Vanuatu: Enthusiasm on tap in endangered Eden

By Isobel Marriner

Delightful locals and sustainability on a shoestring make the tiny island of Pele a dream destination, finds Isobel Marriner.

A choir of school children welcomes visitors to Pele. Photo / Isobel Marriner
A choir of school children welcomes visitors to Pele. Photo / Isobel Marriner

The low boom of a conch-shell trumpet sounded out across the water as our motorboat dipped through the waves and a pod of spinner dolphins shot into the air close by, practising their acrobatics.

Jumping ashore on the crunchy and palm-fringed beach, we were greeted by a young chief who placed garlands around our necks and a shyly smiling group of schoolchildren. We had come to Pele, a tiny dot at the top of Vanuatu's main island, Efate, and it was like stepping back into Eden.

Pele is about an hour's journey from Port Vila, and the trip had begun with a safari around the eastern side of Efate. Our young guide, Ronald, was friendly, enthusiastic and cool in his beaded dreadlocks: his anecdotes were educational, but also personal.

Just out of Vila, we passed the driver's village, then Ronald's village: he explained that the second was made up of people forced to leave the northern island of Ambrym due to volcanic activity - his father among them.

They had been given land by the larger village and allowed to settle there.

Ronald explained the significance of Vanuatu's multi-coloured flag: black for the dark-skinned Melanesian people, green for the colour of the bush-clad islands, yellow for Christianity, which had shone its light on the country, red for the blood spilt by the Ni-Vanuatu people in their struggle for independence, and a boar's tusk emblem, which is the sign of prosperity in Vanuatu, its symbolism echoed on the label of Vanuatu's famous Tusker lager.

We drove past the Tusker brewery - sadly with no time to stop - past tourists frolicking in the water at the pretty Cascade Falls; and past groups of Ni-Vanuatu going about their business: each time they would stop and wave, with big, beaming grins for us strangers.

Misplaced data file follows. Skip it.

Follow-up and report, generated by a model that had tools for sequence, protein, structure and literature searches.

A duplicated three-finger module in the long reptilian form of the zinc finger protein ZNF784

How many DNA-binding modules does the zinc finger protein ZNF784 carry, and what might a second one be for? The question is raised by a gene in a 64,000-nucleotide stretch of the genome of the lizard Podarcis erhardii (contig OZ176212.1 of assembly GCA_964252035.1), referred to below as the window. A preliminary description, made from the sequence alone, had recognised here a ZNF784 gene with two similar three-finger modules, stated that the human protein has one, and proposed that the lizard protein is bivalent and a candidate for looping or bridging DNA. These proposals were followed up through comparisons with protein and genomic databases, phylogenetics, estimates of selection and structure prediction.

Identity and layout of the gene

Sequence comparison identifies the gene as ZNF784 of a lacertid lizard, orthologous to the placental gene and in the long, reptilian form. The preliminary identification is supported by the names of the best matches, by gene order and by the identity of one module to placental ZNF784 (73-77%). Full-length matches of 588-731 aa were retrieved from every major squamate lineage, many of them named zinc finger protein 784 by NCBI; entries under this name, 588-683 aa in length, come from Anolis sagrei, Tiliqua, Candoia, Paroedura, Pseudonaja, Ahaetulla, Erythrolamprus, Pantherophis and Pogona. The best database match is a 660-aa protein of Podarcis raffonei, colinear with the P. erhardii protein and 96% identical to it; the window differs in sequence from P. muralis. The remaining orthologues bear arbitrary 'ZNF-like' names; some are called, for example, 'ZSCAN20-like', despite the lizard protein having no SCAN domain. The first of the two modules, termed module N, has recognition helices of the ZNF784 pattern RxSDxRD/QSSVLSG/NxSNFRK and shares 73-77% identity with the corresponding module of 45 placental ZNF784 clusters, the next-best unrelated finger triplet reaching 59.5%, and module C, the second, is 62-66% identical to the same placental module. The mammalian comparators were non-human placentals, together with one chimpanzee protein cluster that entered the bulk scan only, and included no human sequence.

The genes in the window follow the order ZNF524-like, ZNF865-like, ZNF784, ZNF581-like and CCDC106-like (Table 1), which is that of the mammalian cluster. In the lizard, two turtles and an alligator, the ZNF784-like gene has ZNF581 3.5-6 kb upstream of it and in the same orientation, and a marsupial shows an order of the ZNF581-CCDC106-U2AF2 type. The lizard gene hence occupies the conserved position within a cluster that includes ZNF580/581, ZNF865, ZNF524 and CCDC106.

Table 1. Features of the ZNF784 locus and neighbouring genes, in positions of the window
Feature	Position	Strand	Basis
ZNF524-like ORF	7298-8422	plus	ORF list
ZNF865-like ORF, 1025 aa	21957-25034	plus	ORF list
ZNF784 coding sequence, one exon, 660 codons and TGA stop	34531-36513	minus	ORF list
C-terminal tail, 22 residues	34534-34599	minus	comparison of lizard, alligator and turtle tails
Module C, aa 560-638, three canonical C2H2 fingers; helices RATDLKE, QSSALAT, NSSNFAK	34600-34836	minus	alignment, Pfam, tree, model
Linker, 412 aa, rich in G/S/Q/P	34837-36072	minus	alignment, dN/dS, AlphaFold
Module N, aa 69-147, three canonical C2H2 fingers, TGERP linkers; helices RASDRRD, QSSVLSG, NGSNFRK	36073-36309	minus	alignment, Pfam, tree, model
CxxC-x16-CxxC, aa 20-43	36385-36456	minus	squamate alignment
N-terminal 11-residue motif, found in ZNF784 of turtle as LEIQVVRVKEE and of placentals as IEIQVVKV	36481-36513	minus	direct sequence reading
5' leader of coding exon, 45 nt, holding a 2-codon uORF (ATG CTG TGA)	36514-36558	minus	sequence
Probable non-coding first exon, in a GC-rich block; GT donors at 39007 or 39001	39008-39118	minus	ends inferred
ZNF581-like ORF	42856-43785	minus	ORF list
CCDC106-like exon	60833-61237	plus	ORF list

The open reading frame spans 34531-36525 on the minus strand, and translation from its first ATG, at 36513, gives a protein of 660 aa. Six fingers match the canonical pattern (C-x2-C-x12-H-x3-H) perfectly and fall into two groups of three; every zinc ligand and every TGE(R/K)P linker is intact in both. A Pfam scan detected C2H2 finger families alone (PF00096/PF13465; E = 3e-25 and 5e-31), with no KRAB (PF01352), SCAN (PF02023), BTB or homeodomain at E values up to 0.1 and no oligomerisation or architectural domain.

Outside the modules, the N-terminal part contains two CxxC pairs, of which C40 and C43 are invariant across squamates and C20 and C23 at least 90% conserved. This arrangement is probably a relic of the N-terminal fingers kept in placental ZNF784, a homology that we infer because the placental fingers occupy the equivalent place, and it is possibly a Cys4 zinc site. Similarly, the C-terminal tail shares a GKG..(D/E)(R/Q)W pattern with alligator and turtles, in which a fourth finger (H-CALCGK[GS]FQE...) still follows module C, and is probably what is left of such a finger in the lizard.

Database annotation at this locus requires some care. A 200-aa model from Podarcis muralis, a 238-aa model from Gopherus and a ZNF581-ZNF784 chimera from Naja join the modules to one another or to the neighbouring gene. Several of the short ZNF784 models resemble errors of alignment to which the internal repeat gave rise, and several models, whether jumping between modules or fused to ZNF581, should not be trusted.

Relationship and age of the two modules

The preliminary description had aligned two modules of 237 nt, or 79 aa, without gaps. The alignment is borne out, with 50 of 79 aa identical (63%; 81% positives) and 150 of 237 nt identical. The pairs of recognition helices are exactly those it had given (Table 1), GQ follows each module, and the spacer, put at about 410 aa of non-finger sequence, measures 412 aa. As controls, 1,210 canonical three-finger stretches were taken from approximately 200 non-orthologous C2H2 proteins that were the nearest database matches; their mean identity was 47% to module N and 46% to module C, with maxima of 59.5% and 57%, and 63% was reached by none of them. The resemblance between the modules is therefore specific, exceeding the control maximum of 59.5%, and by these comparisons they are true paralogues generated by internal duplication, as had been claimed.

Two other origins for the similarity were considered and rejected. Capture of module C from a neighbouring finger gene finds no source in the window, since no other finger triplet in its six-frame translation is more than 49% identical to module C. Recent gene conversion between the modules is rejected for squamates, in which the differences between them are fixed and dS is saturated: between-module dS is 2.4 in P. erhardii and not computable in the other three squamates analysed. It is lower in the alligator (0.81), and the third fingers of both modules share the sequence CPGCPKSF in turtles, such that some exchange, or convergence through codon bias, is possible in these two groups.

Our minibus began an ascent up an exceedingly steep road. It had recently been tar-sealed (thank goodness), but as the gears began to strain, we wondered whether we might have to get out and get it to the summit under people-power.

However, it was the little minivan that could and, as we reached the top of Klems Hill - named after an American serviceman who had been in Vanuatu during the war - it became clear that if walking up the hill would be breathtaking, the view from the lookout near the top certainly was. From dizzying heights, the eastern side of Efate lay spread beneath us, with Port Vila in the distance, our ship a tiny toy boat in the harbour.

Back in our small paradise, island guides took parties off to the reefs, diving deep to chase the fish, including huge coral snapper. ("Not so good eating," said Ronald. "I like tuna.")

Walking round the village with Ronald and the quietly-spoken chief, we were given leaves the village children use to make stickers: they have tiny hooks on the underside and stick to your clothes like natural Velcro.

Ronald bantered a little with a more portly islander about how masculine success is measured by the speed you can climb a coconut tree.

"He is much faster than me, I used to be an island boy: now I am a town boy," then disproved this by shimmying up the tree in seconds.

Those beautiful schoolchildren who had welcomed us provided our farewell concert: there was no accompaniment, the chief would sing the first line in low tones to make sure his choir was perfectly in pitch. "Thank you for coming to our island."

As our party reluctantly turned to go back to the mainland, the kids lined up to get their reward: a lollipop each from the chief.

The locals here are making big attempts to ensure their gorgeous surroundings remain as pristine as possible; where once they used groundwater wells, there are now large tanks for collecting rainwater and solar panels power a small generator.

Pele is part of the Nguna-Pele Marine Protected Area, the first marine reserve in Vanuatu, and there are signs around the village in the country's Bislama pidgin - "No kilim pikinini blong totel" - don't kill the baby turtles.

The locals are aware of the importance of protecting the fragile ecology, but they live a simple life and are dependent on donations to fund their efforts.

Back on ship, we spoke to a Ni-Vanuatu staff member who told us he loved his country but had to work abroad to make a good living. Vanuatu was beautiful, he agreed, but in many places its beauty was in danger of being destroyed by rampant mining.

In a country which offers so much to the traveller, with its abundant marine life, rich cultural experiences and hospitable, friendly people, surely tourism would be a preferable alternative to the unfettered raping of the land for its resources?

In many places, such as Pele and its surrounding islands, the villagers are working hard to keep the environment pure; they are happy to welcome those who come to appreciate Vanuatu for what it has to offer.

Further information: Pele Island lies off the north coast of Efate, Vanuatu's most populated island and site of its capital, Port Vila. P&O has recently introduced two new shore tours from Port Vila: the Pele trip and a visit to the turtle sanctuary at Tranquillity (Moso) Island. See pocruises.co.nz for more information.

Isobel Marriner cruised Vanuatu as a guest of P&O Cruises.

- NZ Herald

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